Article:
Investigators of the phase 3 KEYNOTE-671 trial identify no new safety signals with pembrolizumab plus chemotherapy in those with early-stage non–small cell lung cancer.
Neoadjuvant treatment with pembrolizumab (Keytruda) plus chemotherapy followed by surgical resection and adjuvant pembrolizumab produced significant improvements in event-free survival (EFS), major pathological response, and pathological complete response (pCR) compared with neoadjuvant chemotherapy and surgery alone in patients with early-stage non–small cell lung cancer (NSCLC), according to findings from the phase 3 KEYNOTE-671 trial (NCT03425643).
The 24-month EFS estimates were 62.4% (95% CI, 56.8%-67.5%) in patients receiving pembrolizumab vs 40.6% (95% CI, 34.8%-46.3%) in those treated with chemotherapy alone. The median EFS was not reached (NR; 95% CI, 34.1 months to NR) and 17.0 months (95% CI, 14.3%-22.0%) in each respective treatment group (HR, 0.58; 95% CI, 0.46-0.72; P <.001). Investigators identified EFS benefits in the pembrolizumab arm across all patient subgroups, although they noted that these groups were small.
At 24 months, the estimated overall survival (OS) rates were 80.9% (95% CI, 76.2%-84.7%) in the pembrolizumab group compared with 77.6% (95% CI, 72.5%-81.9%) in the placebo group. Additionally, investigators reported a median OS that was NR (95% CI, NR-NR) and 45.5 months (95% CI, 42.0-NR) in each respective treatment arm (P = .02).
In the pembrolizumab and placebo groups, respectively, 30.2% (95% CI, 25.7%-35.0%) and 11.0% (95% CI, 8.1%-14.5%) of patients experienced a major pathological response. Additionally, investigators reported a pCR in 18.1% (95% CI, 14.5%-22.3%) and 4.0% (95% CI, 2.3%-6.4%) of patients in each respective group. Data from an exploratory analysis highlighted that patients who received pembrolizumab experienced an EFS benefit regardless of whether they had a major pathological response or a pCR.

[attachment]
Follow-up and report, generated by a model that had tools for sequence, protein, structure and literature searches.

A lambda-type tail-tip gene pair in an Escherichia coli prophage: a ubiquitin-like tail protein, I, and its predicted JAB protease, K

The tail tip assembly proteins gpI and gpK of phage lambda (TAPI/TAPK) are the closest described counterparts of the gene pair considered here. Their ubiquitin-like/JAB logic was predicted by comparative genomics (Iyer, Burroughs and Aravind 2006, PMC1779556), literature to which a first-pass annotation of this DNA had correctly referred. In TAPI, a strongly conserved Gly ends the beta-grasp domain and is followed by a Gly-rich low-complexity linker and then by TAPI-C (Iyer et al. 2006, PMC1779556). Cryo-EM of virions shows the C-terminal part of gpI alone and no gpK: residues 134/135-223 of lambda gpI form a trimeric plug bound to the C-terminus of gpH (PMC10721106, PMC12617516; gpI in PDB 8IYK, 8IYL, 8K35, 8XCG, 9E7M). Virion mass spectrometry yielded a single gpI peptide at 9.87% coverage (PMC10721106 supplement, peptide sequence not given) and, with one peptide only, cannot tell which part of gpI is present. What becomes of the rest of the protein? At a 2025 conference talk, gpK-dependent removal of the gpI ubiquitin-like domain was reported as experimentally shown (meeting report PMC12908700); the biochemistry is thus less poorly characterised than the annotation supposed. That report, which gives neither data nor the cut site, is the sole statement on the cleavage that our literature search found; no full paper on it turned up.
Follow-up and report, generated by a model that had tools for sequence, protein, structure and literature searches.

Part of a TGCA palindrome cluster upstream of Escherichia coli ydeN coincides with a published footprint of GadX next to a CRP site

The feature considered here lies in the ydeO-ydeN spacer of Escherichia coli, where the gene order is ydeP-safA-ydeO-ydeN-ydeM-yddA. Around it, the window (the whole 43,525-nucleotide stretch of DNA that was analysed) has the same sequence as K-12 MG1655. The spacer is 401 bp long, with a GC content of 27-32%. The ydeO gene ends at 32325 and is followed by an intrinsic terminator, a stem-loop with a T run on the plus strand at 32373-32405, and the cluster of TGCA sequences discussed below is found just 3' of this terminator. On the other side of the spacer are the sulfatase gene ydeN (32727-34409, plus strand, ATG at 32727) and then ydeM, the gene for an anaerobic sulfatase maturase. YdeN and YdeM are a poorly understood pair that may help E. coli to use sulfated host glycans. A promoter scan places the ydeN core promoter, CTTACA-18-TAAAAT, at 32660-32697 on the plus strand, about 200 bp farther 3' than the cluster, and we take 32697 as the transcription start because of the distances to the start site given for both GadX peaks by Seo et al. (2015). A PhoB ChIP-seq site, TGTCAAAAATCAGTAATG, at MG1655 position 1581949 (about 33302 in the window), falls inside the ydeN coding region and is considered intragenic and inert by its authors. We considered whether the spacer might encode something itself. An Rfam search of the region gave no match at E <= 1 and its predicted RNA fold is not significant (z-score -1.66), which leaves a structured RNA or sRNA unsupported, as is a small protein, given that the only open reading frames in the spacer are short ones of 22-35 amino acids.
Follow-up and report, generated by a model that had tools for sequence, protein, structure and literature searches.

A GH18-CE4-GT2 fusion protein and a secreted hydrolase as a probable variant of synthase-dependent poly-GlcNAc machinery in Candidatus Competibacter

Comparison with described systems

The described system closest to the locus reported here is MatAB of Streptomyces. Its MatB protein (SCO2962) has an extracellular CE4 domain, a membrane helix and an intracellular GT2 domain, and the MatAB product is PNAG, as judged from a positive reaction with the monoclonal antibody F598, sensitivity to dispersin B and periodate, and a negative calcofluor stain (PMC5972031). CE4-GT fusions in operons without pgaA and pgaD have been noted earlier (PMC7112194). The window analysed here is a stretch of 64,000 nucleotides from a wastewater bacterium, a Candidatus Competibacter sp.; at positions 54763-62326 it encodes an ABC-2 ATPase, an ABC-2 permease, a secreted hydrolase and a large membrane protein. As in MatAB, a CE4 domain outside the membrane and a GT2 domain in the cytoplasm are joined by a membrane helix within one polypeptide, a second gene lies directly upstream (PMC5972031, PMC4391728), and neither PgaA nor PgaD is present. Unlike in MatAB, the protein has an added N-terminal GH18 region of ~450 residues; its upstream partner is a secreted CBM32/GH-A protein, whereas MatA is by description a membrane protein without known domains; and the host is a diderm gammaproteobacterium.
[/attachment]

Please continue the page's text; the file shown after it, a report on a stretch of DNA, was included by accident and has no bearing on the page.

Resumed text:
“The [OS] benefit was not significant in this first interim analysis,” the study authors wrote. “Neoadjuvant pembrolizumab did not affect exposure to neoadjuvant chemotherapy or the choice of surgical approach, compromise the ability to undergo surgery, or increase the incidence of surgical complications.”
Investigators of the double-blind, placebo-controlled KEYNOTE-671 trial stratified patients based on disease stage, PD-L1 tumor proportion score, histologic features, and geographic region. Patients received 200 mg of pembrolizumab or matched placebo intravenously once every 3 weeks for 4 cycles plus cisplatin or gemcitabine as part of a neoadjuvant regimen. Surgery was then performed at no more than 20 weeks following the first dose of neoadjuvant treatment, which preceded 200 mg of adjuvant pembrolizumab or placebo once every 3 weeks for up to 13 cycles.
The trial’s dual primary end points were EFS and OS. Secondary end points included major pathological response, pCR, and safety.
Patients 18 years and older with stage II, IIIA, or IIIB NSCLC considered to be resectable based on surgical consultation and investigator assessment were able to enroll on the trial. Additional eligibility criteria included having an ECOG performance status of 0 or 1 and available tumor samples for PD-L1 assessment.
The overall study population included 797 patients, of whom 397 were assigned to the pembrolizumab group and 400 were in the placebo group. The median age in the pembrolizumab and placebo groups, respectively, was 63 years (range, 26-83) and 64 years (range, 35-81). Additionally, most patients in each respective group were male (70.3% vs 71.0%), White (63.0% vs 59.8%), and had an ECOG performance status of 0 (63.7% vs 61.5%). Most in each respective arm also had stage III disease (70.3% vs 69.8%), node stage N2 disease (42.3% vs 46.8%), nonsquamous histology (56.9% vs 56.8%), and a PD-L1 proportion score lower than 50% (66.8% vs 66.5%).
Any-grade treatment-related adverse effects (TRAEs) occurred in 96.7% of patients assigned to the pembrolizumab arm and 95.0% of those assigned to the placebo arm. The most common TRAEs in each respective arm included nausea (54.3% vs 51.1%), neutrophil count decreases (42.2% vs 41.9%), anemia (36.1% vs 33.8%) and white-cell count decreases (28.0% vs 24.6%).
TRAEs of grade 3 or higher affected 44.9% of patients receiving pembrolizumab and 37.3% of those receiving placebo. Investigators reported that the most common TRAEs of this type in each respective arm were neutrophil count decreases (20.7% vs 19.5%), anemia (7.3% vs 5.5%), white-cell count decreases (5.3% vs 5.5%), and platelet count decreases (5.1% vs 6.0%).
Wakelee H, Liberman M, Kato T, et al. Perioperative pembrolizumab for early-stage non–small cell lung cancer. N Engl J Med. 2023;389:491-503. doi:10.1056/NEJMoa2302983